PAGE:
</asp:UpdateProgress>
<asp:UpdatePanel runat="server" id="Panel">
<ContentTemplate>
<asp:Button runat="server" id="UpdateButton"
onclick="UpdateButton_Click" text="Update" />
</ContentTemplate>
</asp:UpdatePanel>
</form>
</body>
</html>
protected void UpdateButton_Click(object sender, EventArgs e)
{
System.Threading.Thread.Sleep(5000);
}

The Basics
Introduction
Getting started
Hello, world!
Controls
UpdatePanel
UpdateProgress
Timer
FashionArena UK
UpdateProgress control - ASP.NET Ajax Tutorial
http://ajax.net-tutorials.com/controls/updateprogress-control/[3/1/10 20:06:01]

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but taken when the control is shown. If you wish to reserve the space,
set this property to false. To see the difference, add the property to our
example and change it back and forth.
If some of your postbacks are fast, the UpdateProgress will only be
shown for a very short amount of time, resulting in a blinking behavior,
which may confuse your users. For that reason, you may specify a
minimum amount of time to occur before showing the progress control.
This can be done with the DisplayAfter attribute. Specify a number of
milliseconds to elapse before showing the progress control, e.g. 2000 if
you wish to wait for 2 seconds.
Having problems with this chapter? Ask in our forums!
© net-tutorials.com 2006 - 2010
Timer control - ASP.NET Ajax Tutorial
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Timer controls allow you to do postbacks at certain intervals. If used
together with UpdatePanels, which is the most common approach, it
allows for timed partial updates of your page, but it can be used for
posting back the entire page as well. In this chapter we will focus on
using timers with UpdatePanels, so if you haven't already read the
chapter on UpdatePanels, please do so now.
Here is a small example of using the Timer control. It simply updates a
timestamp every 5 seconds.
We only have a single CodeBehind function, which you should add to your
CodeBehind file:
This is all very simple. We have a normal UpdatePanel, which carries a
Trigger reference to our new Timer control. This means that the panel is
updated when the Timer "ticks", that is, fires the Tick event. The Timer
control uses the interval attribute to define the number of milliseconds to
occur before firing the Tick event. As you can see from our CodeBehind
code listing, we just update the DateStampLabel each time the Timer
fires. This could be done more efficient with a simple piece of JavaScript,
which updates the time on the clientside instead of involving the server.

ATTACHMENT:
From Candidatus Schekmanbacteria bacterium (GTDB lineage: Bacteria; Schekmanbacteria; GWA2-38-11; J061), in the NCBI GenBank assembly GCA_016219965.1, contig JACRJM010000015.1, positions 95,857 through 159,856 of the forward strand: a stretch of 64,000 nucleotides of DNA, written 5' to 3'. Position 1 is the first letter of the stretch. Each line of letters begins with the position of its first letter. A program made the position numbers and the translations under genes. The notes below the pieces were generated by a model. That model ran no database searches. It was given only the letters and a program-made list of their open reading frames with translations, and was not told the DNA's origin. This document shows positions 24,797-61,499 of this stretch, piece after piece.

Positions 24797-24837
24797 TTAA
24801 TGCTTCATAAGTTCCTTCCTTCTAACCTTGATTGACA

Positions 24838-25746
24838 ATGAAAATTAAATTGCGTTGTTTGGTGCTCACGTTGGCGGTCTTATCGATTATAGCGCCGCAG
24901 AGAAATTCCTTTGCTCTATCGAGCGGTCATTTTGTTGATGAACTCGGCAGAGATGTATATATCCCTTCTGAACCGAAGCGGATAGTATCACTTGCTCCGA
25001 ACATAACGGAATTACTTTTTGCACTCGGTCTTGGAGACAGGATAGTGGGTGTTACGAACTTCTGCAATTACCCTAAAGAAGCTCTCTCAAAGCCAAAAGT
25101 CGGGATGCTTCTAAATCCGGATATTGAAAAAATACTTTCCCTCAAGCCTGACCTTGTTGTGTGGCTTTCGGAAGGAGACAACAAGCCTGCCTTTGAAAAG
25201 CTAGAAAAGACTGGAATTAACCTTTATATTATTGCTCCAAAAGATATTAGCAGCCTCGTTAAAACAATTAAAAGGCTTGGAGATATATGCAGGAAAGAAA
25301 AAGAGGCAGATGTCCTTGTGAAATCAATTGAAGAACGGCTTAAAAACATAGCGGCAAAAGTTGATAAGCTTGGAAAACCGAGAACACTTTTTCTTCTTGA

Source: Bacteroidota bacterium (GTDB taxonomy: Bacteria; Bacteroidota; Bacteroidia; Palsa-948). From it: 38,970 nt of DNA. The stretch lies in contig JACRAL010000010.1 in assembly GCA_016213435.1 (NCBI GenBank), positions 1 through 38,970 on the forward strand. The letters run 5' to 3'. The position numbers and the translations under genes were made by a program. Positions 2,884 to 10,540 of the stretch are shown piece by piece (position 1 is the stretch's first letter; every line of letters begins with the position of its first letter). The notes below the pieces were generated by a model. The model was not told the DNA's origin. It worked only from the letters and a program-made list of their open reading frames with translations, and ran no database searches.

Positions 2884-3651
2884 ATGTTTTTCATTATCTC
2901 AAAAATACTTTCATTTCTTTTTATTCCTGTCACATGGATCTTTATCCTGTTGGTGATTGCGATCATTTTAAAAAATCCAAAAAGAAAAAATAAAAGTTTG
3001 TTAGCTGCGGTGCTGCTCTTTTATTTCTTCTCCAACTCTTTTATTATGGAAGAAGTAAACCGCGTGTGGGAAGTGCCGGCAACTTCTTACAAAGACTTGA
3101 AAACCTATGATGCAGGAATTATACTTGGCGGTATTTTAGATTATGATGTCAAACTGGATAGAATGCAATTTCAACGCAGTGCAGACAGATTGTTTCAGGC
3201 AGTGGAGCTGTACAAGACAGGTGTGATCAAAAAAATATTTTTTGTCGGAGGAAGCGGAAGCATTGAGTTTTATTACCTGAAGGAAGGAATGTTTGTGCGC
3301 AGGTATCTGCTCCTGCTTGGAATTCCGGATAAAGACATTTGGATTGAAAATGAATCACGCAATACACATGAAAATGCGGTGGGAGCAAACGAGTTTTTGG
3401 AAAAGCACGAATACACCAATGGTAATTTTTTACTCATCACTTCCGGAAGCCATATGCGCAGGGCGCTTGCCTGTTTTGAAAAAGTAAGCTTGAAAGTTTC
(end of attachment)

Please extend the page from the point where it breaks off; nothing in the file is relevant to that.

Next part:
The example is only used to demonstrate the potential of the Timer
control.
Another approach is including the Timer inside the UpdatePanel. Doing so
would save us from defining a trigger, but you should be aware of the
fact that the behavior will be different, depending on whether you have
<%@ Page Language="C#" AutoEventWireup="true"
CodeFile="Default.aspx.cs" Inherits="_Default"
%>
<!DOCTYPE html PUBLIC "-//W3C//DTD XHTML 1.1//EN"
"http://www.w3.org/TR/xhtml11/DTD/xhtml11.dtd">
<html xmlns="http://www.w3.org/1999/xhtml">
<head runat="server">
<title>Timers</title>
</head>
<body>
<form id="form1" runat="server">
<asp:ScriptManager ID="ScriptManager1" runat="server"
/>
<asp:Timer runat="server" id="UpdateTimer"
interval="5000" ontick="UpdateTimer_Tick" />
<asp:UpdatePanel runat="server" id="TimedPanel"
updatemode="Conditional">
<Triggers>
<asp:AsyncPostBackTrigger
controlid="UpdateTimer" eventname="Tick" />
</Triggers>
<ContentTemplate>
<asp:Label runat="server" id="DateStampLabel"
/>
</ContentTemplate>
</asp:UpdatePanel>
</form>
</body>
</html>
protected void UpdateTimer_Tick(object sender, EventArgs e)
{
DateStampLabel.Text = DateTime.Now.ToString();
}

The Basics
Introduction
Getting started
Hello, world!
Controls
UpdatePanel
UpdateProgress
Timer
FashionArena UK
Timer control - ASP.NET Ajax Tutorial
http://ajax.net-tutorials.com/controls/timer-control/[3/1/10 20:06:15]

Previous
the Timer inside or outside an UpdatePanel. When a Timer is inside an
UpdatePanel, the Timer is not re-constructed until the UpdatePanel is
fully updated. That means that if you have a Timer with an interval of 60
seconds, and the update takes 5 seconds, the next event won't be fired
60 seconds after the previous, but 65 seconds after. On the other hand,
if the Timer is outside the UpdatePanel, the user will only look at the
content of the panel for 55 seconds before it's updated again.
You should always remember that even though partial updates are not as
heavy on the server as real postbacks, the server is still contacted, and
when using timers, you may get a lot of partial postbacks, which can slow
things down. Always use as high intervals as possible, and consider if
contacting the server is really necessary or not.
Having problems with this chapter? Ask in our forums!
© net-tutorials.com 2006 - 2010